Following the exposure by the “Twitter Files” reports that revealed the extent to which malicious government agencies colluded with Big Tech to censor content, a shareholder in three Silicon Valley corporations will present proposals in the coming weeks to address their suppression of speech.
National Legal and Policy Center – which owns stock in Amazon, Alphabet (parent of Google and YouTube) and Meta (parent of Facebook) – will sponsor proposals at each company that request transparency about requests they have received from U.S. government officials to “take down” content from their platforms. Amazon’s annual meeting is on Wednesday, May 24; Meta’s is on May 31, and Alphabet’s is on June 2.
“As we’ve learned since Elon Musk took over Twitter, there is an epidemic of unconstitutional government censorship of speech in our country, and Big Tech has welcomed the opportunities to be their enforcers,” said Paul Chesser, director of NLPC’s Corporate Integrity Project, who will present the proposals at the companies’ respective meetings. “It is vital, as public companies, that Alphabet, Amazon and Meta act in the country’s interest and disclose who in the federal government is making these improper – and most of them probably illegal – requests, and divulge what they have asked to be removed from their platforms.”
The Amazon and Meta proposals seek an itemization of the requests the companies have received from federal government. The Alphabet proposal asks for a report about the extent its censorship policies and practices have on the fiduciary health of the company.
The text of NLPC’s proposal for a “Risk Audit on Content Censorship” for Alphabet’s 2023 annual meeting follows:
Shareholders request that Alphabet Inc. (“Company”) issue a report at reasonable cost – omitting proprietary or legally privileged information – reviewing the vulnerabilities of its enforcement of Google’s and YouTube’s Terms of Service related to content policies, and assessing the risks posed by content management controversies related to issues such as election interference, freedom of expression, and inequitable application of policies, and how they affect the Company’s finances, operations, and reputation.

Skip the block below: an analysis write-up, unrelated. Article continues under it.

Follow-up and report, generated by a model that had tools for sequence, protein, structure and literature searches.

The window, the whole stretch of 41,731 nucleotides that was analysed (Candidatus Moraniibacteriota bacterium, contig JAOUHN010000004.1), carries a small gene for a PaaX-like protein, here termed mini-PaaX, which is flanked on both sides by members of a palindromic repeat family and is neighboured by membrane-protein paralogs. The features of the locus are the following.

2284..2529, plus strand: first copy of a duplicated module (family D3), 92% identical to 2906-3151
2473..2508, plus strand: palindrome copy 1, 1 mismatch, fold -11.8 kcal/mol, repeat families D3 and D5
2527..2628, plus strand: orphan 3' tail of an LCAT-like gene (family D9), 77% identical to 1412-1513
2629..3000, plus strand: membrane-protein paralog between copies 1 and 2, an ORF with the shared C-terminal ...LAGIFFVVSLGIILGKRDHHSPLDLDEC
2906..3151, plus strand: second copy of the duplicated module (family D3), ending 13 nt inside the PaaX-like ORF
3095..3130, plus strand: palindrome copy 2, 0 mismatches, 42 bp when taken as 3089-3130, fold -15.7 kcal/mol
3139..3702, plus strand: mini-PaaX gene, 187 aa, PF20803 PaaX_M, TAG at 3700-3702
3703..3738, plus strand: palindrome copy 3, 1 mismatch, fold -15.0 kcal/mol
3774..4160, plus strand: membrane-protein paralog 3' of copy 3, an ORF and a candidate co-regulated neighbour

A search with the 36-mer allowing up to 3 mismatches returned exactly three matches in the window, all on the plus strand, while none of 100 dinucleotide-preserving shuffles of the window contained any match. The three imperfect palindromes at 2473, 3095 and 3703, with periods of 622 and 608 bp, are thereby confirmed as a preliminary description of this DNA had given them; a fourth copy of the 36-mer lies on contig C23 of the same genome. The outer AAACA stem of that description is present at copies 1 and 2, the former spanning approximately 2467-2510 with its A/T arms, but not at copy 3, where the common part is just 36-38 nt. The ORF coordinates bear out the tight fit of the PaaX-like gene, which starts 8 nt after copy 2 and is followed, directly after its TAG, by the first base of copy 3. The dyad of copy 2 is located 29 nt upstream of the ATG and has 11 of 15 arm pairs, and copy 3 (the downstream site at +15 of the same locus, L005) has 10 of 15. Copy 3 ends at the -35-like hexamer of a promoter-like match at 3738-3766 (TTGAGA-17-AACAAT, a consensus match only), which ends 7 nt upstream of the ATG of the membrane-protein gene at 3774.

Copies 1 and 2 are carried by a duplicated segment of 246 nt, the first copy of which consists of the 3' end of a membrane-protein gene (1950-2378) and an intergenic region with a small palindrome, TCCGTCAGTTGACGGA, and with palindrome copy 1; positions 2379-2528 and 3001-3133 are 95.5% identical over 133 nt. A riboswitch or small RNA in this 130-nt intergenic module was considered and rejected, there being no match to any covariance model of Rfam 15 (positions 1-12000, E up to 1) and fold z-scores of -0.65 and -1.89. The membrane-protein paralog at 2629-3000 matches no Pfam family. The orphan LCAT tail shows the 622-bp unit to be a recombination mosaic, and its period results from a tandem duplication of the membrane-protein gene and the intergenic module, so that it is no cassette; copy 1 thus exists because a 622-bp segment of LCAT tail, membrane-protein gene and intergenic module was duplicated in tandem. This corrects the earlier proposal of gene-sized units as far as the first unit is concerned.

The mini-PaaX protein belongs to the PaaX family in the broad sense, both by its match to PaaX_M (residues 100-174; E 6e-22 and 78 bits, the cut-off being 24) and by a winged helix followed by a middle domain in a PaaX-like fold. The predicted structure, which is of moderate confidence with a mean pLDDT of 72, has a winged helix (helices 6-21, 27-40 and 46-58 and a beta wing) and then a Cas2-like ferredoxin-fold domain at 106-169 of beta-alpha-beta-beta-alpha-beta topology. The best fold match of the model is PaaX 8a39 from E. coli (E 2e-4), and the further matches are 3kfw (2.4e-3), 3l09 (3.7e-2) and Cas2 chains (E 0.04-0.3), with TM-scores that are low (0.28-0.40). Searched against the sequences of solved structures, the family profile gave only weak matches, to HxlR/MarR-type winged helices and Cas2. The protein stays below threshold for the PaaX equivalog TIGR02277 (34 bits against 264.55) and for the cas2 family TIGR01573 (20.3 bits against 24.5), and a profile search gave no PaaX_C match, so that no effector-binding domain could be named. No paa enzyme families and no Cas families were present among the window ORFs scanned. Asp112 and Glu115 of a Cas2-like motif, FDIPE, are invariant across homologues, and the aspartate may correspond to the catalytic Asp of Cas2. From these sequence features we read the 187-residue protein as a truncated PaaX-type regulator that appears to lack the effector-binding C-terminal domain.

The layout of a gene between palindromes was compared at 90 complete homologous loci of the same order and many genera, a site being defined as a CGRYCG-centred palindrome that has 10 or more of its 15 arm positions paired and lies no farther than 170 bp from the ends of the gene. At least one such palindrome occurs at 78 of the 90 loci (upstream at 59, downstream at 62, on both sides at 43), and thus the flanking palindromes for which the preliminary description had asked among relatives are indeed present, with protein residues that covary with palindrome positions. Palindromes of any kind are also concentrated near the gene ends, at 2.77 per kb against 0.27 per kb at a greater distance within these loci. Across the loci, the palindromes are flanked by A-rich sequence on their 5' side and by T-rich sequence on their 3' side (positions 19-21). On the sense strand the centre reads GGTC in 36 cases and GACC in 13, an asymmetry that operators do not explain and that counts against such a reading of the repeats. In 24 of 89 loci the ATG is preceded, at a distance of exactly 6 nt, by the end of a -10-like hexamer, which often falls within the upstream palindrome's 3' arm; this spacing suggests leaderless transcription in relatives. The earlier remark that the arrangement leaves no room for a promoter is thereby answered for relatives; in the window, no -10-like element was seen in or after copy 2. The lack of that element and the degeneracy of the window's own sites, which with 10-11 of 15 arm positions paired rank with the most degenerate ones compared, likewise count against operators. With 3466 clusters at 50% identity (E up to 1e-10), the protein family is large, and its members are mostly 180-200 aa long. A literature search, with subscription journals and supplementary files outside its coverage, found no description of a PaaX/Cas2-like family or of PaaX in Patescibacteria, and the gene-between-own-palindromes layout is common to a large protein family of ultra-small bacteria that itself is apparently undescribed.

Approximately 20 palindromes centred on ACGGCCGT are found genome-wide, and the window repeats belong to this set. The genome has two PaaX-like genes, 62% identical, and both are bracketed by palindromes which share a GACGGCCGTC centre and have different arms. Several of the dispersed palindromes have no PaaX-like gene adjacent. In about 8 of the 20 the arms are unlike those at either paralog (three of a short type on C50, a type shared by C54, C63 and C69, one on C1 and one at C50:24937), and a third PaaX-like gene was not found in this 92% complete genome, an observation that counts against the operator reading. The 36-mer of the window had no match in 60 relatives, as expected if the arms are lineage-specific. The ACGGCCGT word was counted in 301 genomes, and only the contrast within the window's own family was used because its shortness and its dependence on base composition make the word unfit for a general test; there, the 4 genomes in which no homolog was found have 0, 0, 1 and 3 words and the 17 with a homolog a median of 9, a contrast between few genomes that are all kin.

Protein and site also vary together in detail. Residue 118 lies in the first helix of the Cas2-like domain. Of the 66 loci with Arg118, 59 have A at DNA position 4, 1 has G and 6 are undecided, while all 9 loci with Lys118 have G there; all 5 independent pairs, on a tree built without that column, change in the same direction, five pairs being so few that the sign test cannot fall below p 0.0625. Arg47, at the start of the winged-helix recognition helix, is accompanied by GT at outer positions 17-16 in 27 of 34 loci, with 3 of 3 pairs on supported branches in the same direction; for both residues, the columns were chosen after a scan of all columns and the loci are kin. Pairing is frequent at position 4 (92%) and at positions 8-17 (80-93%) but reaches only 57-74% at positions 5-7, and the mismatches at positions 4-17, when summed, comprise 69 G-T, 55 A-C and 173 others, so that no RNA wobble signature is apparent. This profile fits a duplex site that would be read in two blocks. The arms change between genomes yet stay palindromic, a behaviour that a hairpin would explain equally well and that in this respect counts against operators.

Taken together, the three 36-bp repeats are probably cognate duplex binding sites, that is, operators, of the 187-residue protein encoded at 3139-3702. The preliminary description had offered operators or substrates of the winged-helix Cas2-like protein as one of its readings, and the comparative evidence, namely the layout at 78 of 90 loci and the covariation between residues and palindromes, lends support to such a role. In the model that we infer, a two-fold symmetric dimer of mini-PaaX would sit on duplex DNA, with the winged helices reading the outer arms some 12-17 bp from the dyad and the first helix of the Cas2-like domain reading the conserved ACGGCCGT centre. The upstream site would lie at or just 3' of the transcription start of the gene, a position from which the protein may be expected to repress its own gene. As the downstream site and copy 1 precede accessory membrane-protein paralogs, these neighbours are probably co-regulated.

Evidence has accumulated over many years that show Alphabet Inc.’s platforms discriminate against disfavored speech, interfered in elections, and is undeniably prejudiced. Major examples include:
- In leaked Company emails, employees discussed using “ephemeral experiences” to change users’ views. Back in 2016, the Company’s chief financial officer said, “we will use the great strength and resources and reach we have” to advance Google’s values. Consequentially, senior research psychologist Dr. Robert Epstein found that – based on 1.5 million search experiences his team aggregated in 2020 – that the Company’s manipulations could have shifted up to six million votes to Joe Biden.
- A study of voter outreach by 2020 political candidates, conducted by North Carolina State University’s Department of Computer Science, found that Google’s Gmail “marked 59.3% more emails from [conservative] candidates as spam compared to the [progressive] candidates.”
- The Republican National Committee claimed that Gmail sent more than 22 million of its emails to spam during a critical fundraising period in the 2022 election cycle. The Company has incurred a lawsuit and a complaint to the Federal Elections Commission due to the alleged suppression.
- A Media Research Center analysis of the most tightly contested 2022 U.S. Senate races found that ten of 12 Republican candidates’ campaign websites (83%) appeared far lower (or did not appear at all) on page one of Google’s organic search results, compared to their Senate Democratic Party opponents’ campaign websites.
In addition to the above examples, the Company is the target of a credible, major lawsuit by the states of Missouri and Louisiana, based on extensive evidence that the Company violated users’ First Amendment rights.
Shareholders need to know whether the Company is engaged in unconstitutional censorship, and whether the Company exercises its content moderation in violation of its Terms of Service, opening the Company to liability claims by victims. Shareholders also need to know whether the Company is failing to disclose these potential liabilities as material risks in its public filings. There is currently no single source providing shareholders the information sought by this resolution.
Founded in 1991, NLPC promotes ethics in public life and government accountability through research, investigation, education, and legal action.
For more information or to schedule an interview with Paul Chesser, contact Dan Rene at 202-329-8357 or email@example.com.
Please visit http://www.nlpc.org.
National Legal and Policy Center
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